So we got the stallion mind where things happen really quickly, maybe it’s not precise not mathematical but it things really quickly finds things in the past, and it really allows to be very creative, very quickly, as you know some people when they’re creative right, it’s like boom boom boom idea what to do, under five minutes you’re like oh so many ideas, and then some people are like, even maybe they’re very intelligent right but they’re like, what’s the new think outside the box, instead of the new idea what’s the new idea was nearly they’re really good at analyzing existing ideas, but they just are very good at come with a lot of random ideas.
People feel like that’s might be a personality trait. Some people are born creative their personality is creative and some people are just more logical analytical and my personal belief is, based on all the years I’ve been studying how the brain works behavioral science is that, again, we all have that stallion mind inside of us. But our logical brain suppresses it.
The Logical Brain Wants Control
The logical brain wants to be in control we want to understand what’s going on we want to know what we’re talking about. We want to know the logic we’re trained in school, to really focus on logic and execution not mindlessly exploring all these things
Okay, I’m just gonna stick to my conscious brain, the logical thing that the teachers put in front of me, and dealing with logical thinking I’m going to suppress the stallion mind.
This is my theory based on what I understand, at least I haven’t found any proven science that talks that complete system one system to data from there’s a lot of supporting surrounding stuff there’s enough, I haven’t seen any science that directly says this is the answer. But I think, because the implications of it can be really, really useful and helpful impact all right and if people are actually able to, let’s say, train the stallion and make the stallion better and therefore people are better at creativity and example recalling, I do want to share this in case you know this does end up these these for you because I know it’s been useful for me. And everyone’s different so how do we train the style and how do we let go and let it run.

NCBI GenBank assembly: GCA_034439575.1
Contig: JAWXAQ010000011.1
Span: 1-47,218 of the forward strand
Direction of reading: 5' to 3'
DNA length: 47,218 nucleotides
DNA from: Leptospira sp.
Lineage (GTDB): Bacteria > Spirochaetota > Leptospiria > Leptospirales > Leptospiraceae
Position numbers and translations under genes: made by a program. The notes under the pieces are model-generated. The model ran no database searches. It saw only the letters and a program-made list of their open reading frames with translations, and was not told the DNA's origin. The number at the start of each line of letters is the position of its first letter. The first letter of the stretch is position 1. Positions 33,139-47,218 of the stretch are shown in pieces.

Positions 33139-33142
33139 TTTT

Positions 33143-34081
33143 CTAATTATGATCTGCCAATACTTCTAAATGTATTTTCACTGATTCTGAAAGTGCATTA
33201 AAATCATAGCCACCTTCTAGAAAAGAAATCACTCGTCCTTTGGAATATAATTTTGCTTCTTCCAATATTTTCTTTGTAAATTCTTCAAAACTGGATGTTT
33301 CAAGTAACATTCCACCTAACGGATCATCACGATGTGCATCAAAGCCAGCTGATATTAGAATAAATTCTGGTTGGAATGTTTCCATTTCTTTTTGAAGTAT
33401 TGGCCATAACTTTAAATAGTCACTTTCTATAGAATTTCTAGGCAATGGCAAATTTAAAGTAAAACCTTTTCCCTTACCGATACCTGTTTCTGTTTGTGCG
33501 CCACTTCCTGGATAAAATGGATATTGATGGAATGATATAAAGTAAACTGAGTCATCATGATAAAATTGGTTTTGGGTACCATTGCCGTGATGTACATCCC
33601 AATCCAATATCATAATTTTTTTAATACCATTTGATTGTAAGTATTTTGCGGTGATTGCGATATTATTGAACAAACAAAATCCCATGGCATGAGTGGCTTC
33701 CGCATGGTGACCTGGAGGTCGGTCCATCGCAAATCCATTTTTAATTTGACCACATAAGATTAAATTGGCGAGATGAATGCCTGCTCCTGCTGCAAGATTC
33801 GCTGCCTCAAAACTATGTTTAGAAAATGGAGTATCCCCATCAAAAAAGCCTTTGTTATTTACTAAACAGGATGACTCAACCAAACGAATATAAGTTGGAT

Confidence is respected. It’s important to demonstrate likeability and unique value.
In this article, we’ll continue the discussion.
What are they looking for?
Your preparation for this interview will likely involve understanding what the core aspect of the role is, and how you bring unique value.
But you also need to show how you can leverage your core strengths.
Maybe your core strength is communication, in particular in difficult situations.
Here’s how you might answer the following: Tell me about your strengths.
For example, when I was working at ABC company, I did XYZ and resolved the conflict with my coworkers in a way that preserved the relationship while also solving the issue.
How to talk about your weaknesses
Be wary of discussing perfectionism. Do you like working with perfectionists? (This will depend on the type of work.)
Generally, a question about weaknesses will not be an opportunity to score a lot of points with the interviewer.
Simply acknowledging a weakness and how you’re improving it should be fine.